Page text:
I have run this 12km loop once before, maybe 5 years ago but I had run it clockwise. When I ran it last week, I decided to do it counter-clockwise. Well my memory wasn’t quite as good as I thought and I was second-guessing a little too much. I had neglected to take a photo of the trailhead map since I was sure it was on my phone somewhere. But when I needed it I couldn’t find it. So I was within 100m of turning around at the half way point when I came across the bridge to assure myself I was still on the right trail. There weren’t many people on the trail to ask, and definitely no direction signs. That was very close to a disappointing run!
Then within 500m of the bridge I missed the next turn even though there was a trailhead map right there. So I did an extra 1.5 km in the wrong direction before my brain kicked in with its internal GPS to override what looked right on my actual GPS.
So going counter clockwise, in mid-April I found some ice on the trail at the very end for several hundred meters near the parking lot. But overall, the trail was very dry, especially for April. I don’t remember any mud. We’ve had a very dry winter / spring.
There were maybe 10 others on the trail that I ran into over the 2 hours out there, on a weekday morning. On the weekends, it is full of mountain bikes and there can horses too. But this was a great time to be out there. I don’t get many weekday mornings to get out there.
Now that’s a cold river but it felt great on the feet (for the few seconds it took to take the photo).
To get there from Calgary, head through Bragg Creek to Kananaskis Country, and park at Elbow Falls. Before mid-May the road is closed beyond this point but it is only 500m to the trail head. In the summer you can drive right to the parking lot for Powder Ridge Trail. That’s an amazing trail too. So is Prairie Mountain. So much to hike and run from this one parking spot.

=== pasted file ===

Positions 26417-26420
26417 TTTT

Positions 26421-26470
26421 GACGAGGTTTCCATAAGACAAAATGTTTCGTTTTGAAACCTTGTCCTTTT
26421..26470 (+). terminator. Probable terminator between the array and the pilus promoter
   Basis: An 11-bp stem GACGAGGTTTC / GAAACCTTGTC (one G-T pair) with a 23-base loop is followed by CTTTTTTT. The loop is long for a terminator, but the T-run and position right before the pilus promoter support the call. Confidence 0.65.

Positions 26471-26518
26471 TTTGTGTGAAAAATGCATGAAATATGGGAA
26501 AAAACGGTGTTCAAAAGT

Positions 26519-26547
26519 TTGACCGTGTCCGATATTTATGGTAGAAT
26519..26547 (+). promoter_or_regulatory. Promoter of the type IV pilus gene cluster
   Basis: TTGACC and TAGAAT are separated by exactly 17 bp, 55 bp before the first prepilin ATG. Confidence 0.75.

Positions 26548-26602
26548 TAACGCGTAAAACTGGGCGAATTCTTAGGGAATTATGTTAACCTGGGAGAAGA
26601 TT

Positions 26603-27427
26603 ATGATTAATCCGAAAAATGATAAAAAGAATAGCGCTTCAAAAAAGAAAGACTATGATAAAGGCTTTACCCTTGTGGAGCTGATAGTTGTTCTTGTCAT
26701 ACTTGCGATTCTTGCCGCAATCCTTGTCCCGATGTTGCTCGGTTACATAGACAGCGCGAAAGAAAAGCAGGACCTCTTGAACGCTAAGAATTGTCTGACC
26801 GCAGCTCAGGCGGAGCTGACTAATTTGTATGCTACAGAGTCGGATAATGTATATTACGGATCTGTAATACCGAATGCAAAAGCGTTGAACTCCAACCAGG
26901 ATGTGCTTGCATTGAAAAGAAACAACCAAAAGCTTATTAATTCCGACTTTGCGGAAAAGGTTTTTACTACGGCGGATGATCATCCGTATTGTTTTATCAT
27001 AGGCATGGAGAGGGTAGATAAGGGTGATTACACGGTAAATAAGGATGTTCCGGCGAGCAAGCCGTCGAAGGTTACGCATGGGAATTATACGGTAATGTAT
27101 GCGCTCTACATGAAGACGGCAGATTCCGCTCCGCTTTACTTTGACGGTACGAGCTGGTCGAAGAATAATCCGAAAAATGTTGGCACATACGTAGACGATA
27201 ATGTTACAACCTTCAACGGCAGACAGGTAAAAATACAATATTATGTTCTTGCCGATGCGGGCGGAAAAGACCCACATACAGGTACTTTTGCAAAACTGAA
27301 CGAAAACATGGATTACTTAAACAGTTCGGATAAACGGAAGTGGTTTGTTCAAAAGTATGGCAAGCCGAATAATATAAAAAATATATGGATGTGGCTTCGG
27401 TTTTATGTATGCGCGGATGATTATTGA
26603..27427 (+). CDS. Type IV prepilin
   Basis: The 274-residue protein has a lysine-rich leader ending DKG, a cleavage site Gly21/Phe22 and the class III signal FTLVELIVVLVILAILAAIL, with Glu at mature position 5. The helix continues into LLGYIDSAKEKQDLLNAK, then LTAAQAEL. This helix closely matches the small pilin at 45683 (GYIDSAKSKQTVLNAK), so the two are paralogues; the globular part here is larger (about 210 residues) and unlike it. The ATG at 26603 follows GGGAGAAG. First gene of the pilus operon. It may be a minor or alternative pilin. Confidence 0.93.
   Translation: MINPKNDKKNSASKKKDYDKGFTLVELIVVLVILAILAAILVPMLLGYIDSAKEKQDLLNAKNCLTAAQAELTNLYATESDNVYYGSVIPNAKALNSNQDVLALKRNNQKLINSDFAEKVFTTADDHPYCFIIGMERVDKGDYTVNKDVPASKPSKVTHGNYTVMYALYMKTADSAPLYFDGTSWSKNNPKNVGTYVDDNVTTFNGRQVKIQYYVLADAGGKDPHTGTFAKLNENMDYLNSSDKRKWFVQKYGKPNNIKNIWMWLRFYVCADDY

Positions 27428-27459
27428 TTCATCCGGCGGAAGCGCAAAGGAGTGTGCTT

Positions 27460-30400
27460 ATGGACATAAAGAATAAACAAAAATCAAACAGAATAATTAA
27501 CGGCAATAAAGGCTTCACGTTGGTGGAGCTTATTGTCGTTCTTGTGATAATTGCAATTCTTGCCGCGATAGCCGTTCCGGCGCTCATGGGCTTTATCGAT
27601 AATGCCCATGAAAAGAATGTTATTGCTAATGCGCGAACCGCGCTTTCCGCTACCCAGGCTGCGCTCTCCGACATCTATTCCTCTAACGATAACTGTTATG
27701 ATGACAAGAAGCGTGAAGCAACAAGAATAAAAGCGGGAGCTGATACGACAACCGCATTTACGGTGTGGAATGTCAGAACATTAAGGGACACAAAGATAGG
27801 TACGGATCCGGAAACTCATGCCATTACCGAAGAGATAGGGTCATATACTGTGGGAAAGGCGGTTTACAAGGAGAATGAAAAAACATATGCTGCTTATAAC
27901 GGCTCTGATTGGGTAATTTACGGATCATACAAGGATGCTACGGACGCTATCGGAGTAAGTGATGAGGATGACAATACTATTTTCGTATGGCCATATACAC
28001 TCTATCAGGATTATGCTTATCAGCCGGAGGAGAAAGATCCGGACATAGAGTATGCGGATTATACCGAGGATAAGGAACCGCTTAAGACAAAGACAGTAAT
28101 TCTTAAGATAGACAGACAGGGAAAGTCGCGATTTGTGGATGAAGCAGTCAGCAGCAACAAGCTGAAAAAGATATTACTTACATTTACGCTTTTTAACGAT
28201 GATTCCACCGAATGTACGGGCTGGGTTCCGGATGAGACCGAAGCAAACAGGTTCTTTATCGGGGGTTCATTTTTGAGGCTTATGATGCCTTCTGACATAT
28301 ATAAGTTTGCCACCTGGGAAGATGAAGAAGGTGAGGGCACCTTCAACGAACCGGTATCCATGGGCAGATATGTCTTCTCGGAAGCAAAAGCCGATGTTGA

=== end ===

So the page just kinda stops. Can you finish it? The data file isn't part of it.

Praire Link Loop – 15km with the wrong turn (12km otherwise), 360m elevation gain
It gave me a boost on my run today when one of the downtrodden of the city’s core stuck out his hand for a five 5. I didn’t deny him an enthusiastic high 5 and felt quite energized from it. The biker behind me also got one. The homeless man seemed quite excited to be spreading his joy around.
In similar news, I regularly run under a bridge near my house where another homeless man lives. When he’s in a good mood he’ll shout after me “Run faster, he went that’a way!”. And then he’ll roar out laughing. I’ll laugh with him and continue my run with a smile.
You never know where that next encouragement might come from. But brace for it. It’ll come, and then you can share it around.
Most of my runs are along the beautiful Bow River within the city limits in Calgary Alberta. I am lucky the river virtually runs through my backyard and that the riverside trail system is so accessible from my place.
I find the running water so inspiring. Here’s some recent views from my runs.
I was able to piece together a run that included 11 pedestrian-only bridges (and one tunnel) on my suburban Calgary run today. I guess all those million dollar bridges are useful to at least a few people. It was a point to point 36km very urban run. There was a lot of sidewalk and pavement running but I didn’t have to cross any 4 lane roads. Even though it got cold by the end, there were still lots of people out getting in their end of weekend sunshine.
From the lesser traveled trail by the river, I spotted where all the ducks and geese appear to go when it gets this cold (if they happened to miss the memo that it was time to fly south about 3 months ago). How do they survive? I have no idea.
The beautiful Bow River running out of the Rocky Mountains runs right past my house.
And this is from my bed this morning when even the sunrise couldn’t get me out of bed. The -21c before wind chill was the trump card to keep me in bed. The afternoon was not any warmer but at least my brain was in gear at that time.
Single track in the snow was in the cards today. Better than the treadmill any day (well most days).
Getting out there and having fun at it (and somewhat jealous of my friends taking holidays in warmer latitudes).